A small-town woman yearns for her mother while aspiring to become a chef and fighting to protect the woods her brother loves.
At a young age, Vicky Finley loses her grandmother and mother–the former to death, the latter to her dreams of becoming a musician–leaving Vicky to care for a family of men, which sparks her knack for cooking. Early chapters cover well-worn territory as young Vicky wonders about her mother, goes through her things and begs any shred of information about her mother from reticent grown-ups. Brenda, a sassy, petulant sort who resents Vicky’s beauty, is nevertheless her best friend, and Hoenig’s portrayal of long-time female friendship, with its whirlwind mix of affection, drama and jealousy, is spot-on. Kevin, Vicky’s protective older brother, is a serious boy who loves his tiny upstate New York farming community. The pace picks up considerably once developers move in and begin buying up large chunks of woods and farmland for a planned resort. Because he’s already considered bookish and strange by the townspeople, Kevin’s protests are dismissed as unrealistic. Though she tries to defend him, Vicky believes that she betrays him by taking a job as a cook at the resort. Once tragedy befalls Kevin, Vicky sheds her ambivalence and takes up his cause. When Vincent, the brother of the resort’s developer, sees Vicky arguing passionately over the land’s future, he resolves to help her, and the two fall in love. This wins Vicky more resentment from Brenda, which comes to a head when further tragedy strikes Vicky’s family. Through it all, Vicky continues to long for her absent mother.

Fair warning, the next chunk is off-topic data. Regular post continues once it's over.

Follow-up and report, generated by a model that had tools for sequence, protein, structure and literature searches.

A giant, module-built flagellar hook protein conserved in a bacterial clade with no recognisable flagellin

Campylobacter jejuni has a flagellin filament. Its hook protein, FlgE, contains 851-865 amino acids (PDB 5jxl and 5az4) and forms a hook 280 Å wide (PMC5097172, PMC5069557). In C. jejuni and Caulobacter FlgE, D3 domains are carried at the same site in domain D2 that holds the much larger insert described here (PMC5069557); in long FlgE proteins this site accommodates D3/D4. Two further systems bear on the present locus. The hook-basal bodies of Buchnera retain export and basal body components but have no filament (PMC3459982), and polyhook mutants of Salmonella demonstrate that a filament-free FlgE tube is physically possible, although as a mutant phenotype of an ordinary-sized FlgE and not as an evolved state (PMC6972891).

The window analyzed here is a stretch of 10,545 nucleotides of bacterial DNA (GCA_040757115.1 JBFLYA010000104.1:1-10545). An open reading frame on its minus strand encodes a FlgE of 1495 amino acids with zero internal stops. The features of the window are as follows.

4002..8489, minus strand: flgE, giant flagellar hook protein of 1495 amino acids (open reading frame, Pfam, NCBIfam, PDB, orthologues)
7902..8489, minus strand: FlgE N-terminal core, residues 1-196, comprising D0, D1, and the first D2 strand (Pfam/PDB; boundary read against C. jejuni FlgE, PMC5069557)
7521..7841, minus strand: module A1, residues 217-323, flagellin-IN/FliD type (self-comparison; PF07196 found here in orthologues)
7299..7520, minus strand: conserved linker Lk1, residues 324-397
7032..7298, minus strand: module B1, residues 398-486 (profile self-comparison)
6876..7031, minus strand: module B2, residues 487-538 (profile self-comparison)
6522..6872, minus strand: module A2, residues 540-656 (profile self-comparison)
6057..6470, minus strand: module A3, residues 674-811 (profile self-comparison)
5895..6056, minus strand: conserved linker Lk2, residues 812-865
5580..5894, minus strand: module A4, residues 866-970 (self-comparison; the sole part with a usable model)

A bland and conventional beginning gives way to an entertaining, moving and unpredictable story. Patient readers will be rewarded.